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Business leaders welcome Theresa May Brexit agreement following no-deal fears

Business leaders welcome Theresa May Brexit agreement following no-deal fears
3 min read

Business groups have welcomed Theresa May’s draft Brexit agreement after months of warning about the danger of crashing out of the EU without a deal.

Firms congratulated the Prime Minister for avoiding a “cliff edge” exit, which leaders long-warned as a risk to jobs and to industries’ success.

Under the deal, the UK will stay in a so-called "implementation period" keeping the country in the customs union and single market until the end of 2020 while negotiations continue on a future trade deal.

The deal will also keep the UK in a customs union with the EU in the longer-term to avoid a hard Irish border until that trade deal can be agreed.

The agreement was last night signed off by Cabinet following a more than 5-hour “impassioned” discussion and is expected to be voted on by MPs next month.

CBI Director-General, Carolyn Fairbairn, who in September said leaving the EU without a deal posed “catastrophic risks” said: "If passed, it moves the UK one step away from the nightmare precipice of no deal and the harm it would cause to communities across the country.

“Securing a transition period has long been firms’ top priority and every day that passes without one means lost investment and jobs, hitting the most vulnerable hardest. Time is now up.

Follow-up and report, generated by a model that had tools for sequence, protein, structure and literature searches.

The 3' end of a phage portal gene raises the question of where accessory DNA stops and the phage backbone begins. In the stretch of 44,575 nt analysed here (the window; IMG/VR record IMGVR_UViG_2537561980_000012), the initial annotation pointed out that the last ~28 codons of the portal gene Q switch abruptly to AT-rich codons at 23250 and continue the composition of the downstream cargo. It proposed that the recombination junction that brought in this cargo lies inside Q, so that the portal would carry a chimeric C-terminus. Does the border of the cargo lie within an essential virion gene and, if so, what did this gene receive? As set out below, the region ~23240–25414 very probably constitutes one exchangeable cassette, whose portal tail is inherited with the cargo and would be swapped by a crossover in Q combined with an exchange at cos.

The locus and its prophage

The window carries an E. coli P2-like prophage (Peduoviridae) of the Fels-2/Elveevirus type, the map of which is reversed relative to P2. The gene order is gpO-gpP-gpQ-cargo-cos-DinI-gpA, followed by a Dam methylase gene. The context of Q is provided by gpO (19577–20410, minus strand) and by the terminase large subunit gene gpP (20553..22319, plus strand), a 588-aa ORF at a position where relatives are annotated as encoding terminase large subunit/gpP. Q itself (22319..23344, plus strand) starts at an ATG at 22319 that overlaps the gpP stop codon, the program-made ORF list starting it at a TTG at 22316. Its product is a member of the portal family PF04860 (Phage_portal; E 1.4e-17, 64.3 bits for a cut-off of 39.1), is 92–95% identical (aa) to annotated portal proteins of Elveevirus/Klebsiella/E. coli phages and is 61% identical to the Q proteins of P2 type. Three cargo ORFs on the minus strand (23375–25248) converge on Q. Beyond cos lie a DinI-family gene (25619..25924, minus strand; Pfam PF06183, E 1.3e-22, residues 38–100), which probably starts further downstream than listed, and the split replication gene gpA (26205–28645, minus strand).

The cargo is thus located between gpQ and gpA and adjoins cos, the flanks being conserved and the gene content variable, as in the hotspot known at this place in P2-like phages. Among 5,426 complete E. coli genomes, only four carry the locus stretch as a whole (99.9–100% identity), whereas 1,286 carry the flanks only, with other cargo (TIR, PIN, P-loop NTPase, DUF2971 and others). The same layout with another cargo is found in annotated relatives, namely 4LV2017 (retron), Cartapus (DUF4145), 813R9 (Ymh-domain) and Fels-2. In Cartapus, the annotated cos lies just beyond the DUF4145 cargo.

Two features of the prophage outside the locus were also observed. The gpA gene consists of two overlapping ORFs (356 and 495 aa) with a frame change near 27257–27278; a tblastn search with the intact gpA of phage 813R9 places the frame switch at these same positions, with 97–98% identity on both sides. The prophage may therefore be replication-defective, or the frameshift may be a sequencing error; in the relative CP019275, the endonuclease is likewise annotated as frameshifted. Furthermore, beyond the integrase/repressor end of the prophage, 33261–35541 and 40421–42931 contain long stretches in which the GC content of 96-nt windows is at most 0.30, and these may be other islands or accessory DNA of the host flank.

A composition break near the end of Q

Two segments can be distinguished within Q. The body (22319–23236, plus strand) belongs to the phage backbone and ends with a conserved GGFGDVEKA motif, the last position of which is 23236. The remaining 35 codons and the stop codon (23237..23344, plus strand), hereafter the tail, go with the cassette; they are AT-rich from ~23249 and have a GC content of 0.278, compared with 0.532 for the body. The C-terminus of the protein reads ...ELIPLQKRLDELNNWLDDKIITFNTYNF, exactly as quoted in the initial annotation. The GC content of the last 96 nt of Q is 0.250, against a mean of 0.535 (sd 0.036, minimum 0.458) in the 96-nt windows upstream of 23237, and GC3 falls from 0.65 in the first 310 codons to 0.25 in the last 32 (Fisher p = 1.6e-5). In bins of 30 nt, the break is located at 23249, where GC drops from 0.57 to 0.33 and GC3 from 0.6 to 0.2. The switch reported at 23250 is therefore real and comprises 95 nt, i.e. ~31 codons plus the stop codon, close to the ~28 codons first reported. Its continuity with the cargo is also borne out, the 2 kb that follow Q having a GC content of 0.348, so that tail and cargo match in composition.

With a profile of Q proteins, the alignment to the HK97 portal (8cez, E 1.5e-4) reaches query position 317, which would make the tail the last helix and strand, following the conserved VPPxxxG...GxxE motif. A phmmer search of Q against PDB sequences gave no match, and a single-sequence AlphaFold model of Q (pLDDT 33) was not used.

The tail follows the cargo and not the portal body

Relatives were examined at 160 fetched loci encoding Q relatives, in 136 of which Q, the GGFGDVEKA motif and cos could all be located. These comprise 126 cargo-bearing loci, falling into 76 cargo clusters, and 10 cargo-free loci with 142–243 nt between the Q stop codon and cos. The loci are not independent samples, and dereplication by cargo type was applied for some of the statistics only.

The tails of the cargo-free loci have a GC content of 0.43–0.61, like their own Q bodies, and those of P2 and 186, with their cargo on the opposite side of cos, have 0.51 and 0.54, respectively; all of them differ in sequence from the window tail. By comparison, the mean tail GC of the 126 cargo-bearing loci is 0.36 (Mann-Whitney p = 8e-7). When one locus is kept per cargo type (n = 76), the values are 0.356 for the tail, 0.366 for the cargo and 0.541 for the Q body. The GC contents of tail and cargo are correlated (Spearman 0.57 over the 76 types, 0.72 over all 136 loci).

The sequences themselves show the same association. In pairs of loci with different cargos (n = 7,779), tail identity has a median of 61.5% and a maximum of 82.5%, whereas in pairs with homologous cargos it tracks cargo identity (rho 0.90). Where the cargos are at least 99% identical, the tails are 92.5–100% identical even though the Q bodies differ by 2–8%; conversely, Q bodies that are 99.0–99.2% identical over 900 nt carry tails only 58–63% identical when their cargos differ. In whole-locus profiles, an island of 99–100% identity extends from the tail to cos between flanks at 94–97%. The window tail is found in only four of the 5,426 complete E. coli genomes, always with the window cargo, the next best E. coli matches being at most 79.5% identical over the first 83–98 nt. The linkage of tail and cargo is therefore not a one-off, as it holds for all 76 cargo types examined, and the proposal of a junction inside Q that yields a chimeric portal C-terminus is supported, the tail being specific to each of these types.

“This deal is a compromise, including for business, but it offers that essential transitional period as a step back from the cliff-edge.

She added that more clarity on the final relationship was needed given uncertainty remained high, and said the Government must “secure frictionless trade, ambitious access for our world-beating services” beyond the transition period due to kick in in from 29 March.

“The UK has had many months of discussion and division. A long journey still lies ahead but now is the time for decisions. And the first decision is to avoid no deal,” she added.

Mrs May’s agreement has been roundly attacked by hardline Brexiteers however, with Jacob Rees-Mogg, leader of the Tories’ European Research Group, branding it “profoundly undemocratic” as he urged MPs to block it.

Meanwhile Sammy Wilson, from the DUP, who the Tories rely on for an overall parliamentary majority, railed against the text, saying the PM accepted "a deal she said she would never accept".


However Institute of Directors boss Stephen Martin called on MPs “to think long and hard about how they react to this first-stage agreement”.

“Leaving the EU without a deal is a very bad outcome for businesses, workers and consumers, and this is simply an inherent risk that comes with voting down any withdrawal deal,” he said.

“Our members will adjust to a new relationship with the EU, but they must be allowed to do this in as smooth and orderly manner as possible.

“We, like many, will be seeking clarification from both sides about several areas, in particular on the remaining detail for the future framework declaration.

“But we are also heartened to see that provision has been made for an extension to the transition period, which may be needed not only to avoid the deployment of the backstop but also to ensure firms have enough time to adjust to any new changes once the new economic partnership has been agreed.”

Elsewhere British Retail Consortium CEO Helen Dickinson, said the draft agreement was a “welcome step towards a deal”.

“It is vital that we avoid the cliff edge of no deal in March 2019 as this could immediately lead to consumers facing higher prices and reduced availability of many everyday products,” she said.

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